But as increasingly border-less brands start deploying programs internationally, mobile mythology could lead to costly misfires. Even a cursory look at M:Metrics monthly benchmarks of international mobile data uptake shows some vast difference among geographic neighbors. In April, 10.2% of UK mobile customers played a downloaded game, compared to 4.4% in France. Likewise, the level of tolerance and/or exposure to the dominant form of mobile marketing, SMS messaging, is wildly varied. In Spain, 72.5% of users received an SMS ad of some kind in April, while only 28.5% of Germans did.
"People make blanket statements that Europe is more sophisticated -- but without any data," says Michael Foschetti, managing director, interactive and mobile, Mobisix, a mobile marketing strategy firm. "There is a range within Europe in technology and [ad] receptivity. There are big differences, especially on receptivity." Mobisix recently aggregated and analyzed worldwide data on receptivity to advertising, phone penetration, usage levels, and feature use and came up with some fascinating, counterintuitive insights about local nuance.
The Mobisix research confirms some old canards, of course. "The U.S. is the least advanced and the least receptive," says Foschetti. When it comes to SMS advertising, less than 20% of us report receiving one, according to M:Metrics. But other pieces are less obvious. For instance, technological sophistication does not translate into advertising receptivity, Mobisix argues. Much of Mexico, Southern Latin America and Brazil are the least developed in mobile technology adoption -- but they are far and away more accepting of mobile advertising. Japan, in fact, is not that high on the mobile adoption scale and its acceptance of ads on handsets is only average. Most of the Eastern and far northern European nations have very high mobile adoption rates but are only about as ad-tolerant as Japan. Italy and Hong Kong represent the global sweet spot, high levels of technical sophistication and acceptance of the ad model.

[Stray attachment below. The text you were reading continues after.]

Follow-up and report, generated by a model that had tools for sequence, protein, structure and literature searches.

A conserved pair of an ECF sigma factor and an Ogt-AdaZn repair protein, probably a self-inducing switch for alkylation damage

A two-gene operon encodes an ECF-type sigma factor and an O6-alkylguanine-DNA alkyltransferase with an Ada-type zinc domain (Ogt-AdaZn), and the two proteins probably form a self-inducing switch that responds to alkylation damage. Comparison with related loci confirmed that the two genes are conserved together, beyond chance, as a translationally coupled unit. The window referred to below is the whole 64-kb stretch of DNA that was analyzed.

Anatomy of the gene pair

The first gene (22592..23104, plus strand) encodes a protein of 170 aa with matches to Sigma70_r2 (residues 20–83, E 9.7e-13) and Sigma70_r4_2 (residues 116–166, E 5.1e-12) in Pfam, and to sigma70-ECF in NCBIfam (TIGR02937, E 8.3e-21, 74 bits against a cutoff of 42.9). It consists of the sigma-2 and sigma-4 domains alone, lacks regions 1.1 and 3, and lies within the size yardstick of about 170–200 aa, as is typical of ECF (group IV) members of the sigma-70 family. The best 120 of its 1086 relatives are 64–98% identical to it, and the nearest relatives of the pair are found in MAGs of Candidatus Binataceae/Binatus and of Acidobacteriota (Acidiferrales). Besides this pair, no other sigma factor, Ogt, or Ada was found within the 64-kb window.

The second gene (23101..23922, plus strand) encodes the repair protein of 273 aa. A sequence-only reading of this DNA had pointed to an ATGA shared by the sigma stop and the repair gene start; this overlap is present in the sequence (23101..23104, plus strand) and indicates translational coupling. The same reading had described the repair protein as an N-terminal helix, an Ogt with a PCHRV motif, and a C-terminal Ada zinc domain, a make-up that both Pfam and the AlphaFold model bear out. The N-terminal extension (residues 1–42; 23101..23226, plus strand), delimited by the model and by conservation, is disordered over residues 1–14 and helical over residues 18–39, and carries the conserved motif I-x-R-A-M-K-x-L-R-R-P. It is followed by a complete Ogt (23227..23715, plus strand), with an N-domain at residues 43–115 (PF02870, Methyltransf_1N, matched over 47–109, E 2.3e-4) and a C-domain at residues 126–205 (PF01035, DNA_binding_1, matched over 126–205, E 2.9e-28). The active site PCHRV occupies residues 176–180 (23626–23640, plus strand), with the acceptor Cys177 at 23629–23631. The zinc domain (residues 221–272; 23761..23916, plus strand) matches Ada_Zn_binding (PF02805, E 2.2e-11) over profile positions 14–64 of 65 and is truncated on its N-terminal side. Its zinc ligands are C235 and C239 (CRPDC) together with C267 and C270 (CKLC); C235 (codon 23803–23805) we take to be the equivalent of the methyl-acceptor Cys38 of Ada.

The numbers have clear implications for global mobile media planning. Global is actually very local. Latin America and Italy could be very promising areas for aggressive marketing campaigns that might backfire in the U.S. or France. "Market segmentation must be a top priority," says Foschetti. "We believe receptivity trumps technology adoption by a significant factor."
Which is to say also that mobile platforms are shaped as much by cultural environment as they are by technology. Technology adoption (Web, TV, radio, mobile) may be inevitable globally, but the shape they take is quite local. Anthropologists have known this for a long time, and a handful of us in the digital world banged this same drum a decade ago during the rise of the Internet. Technologies (and the media layered onto them) succeed in a market only when the culture finds a proper way to configure it. Marketers really need to understand how a local segment uses mobile and look beyond mere penetration rates and network speeds. This takes trial and error and real brand strategy -- not just "getting into mobile."
But it gets even more complicated than that. Once your brand figures out how to leverage mobile within a given context, then you need to layer onto that local equation what level of permission an individual brand has here. Is it trusted with a user's phone number, address, or buying habits in this environment? That, too, can be variable.
I am a big believer in the notion that mobile platforms will teach us things about the one-to-one marketing process and even about our brand's real health in the market that other platforms can't. If this is an intimate medium that will be permission-based at every turn, then here is where the "relationship" between brands and their customers really get tested. Giving up your cell phone number is materially different from giving up your email. Agreeing to take regular SMS messages from a corporate entity is a different calculation from signing up for another email newsletter.
Brand managers have to determine whether their brand strength can carry the program for different populations in a global campaign. Mobile programs like Sprite's "The Yard" community can flourish elsewhere and fall flat, as it did, in the U.S. For the life of me, I can't understand why anyone wants to be part of a Sprite online community. But what do I know? I am just an American -- who doesn't much like green and yellow anyway.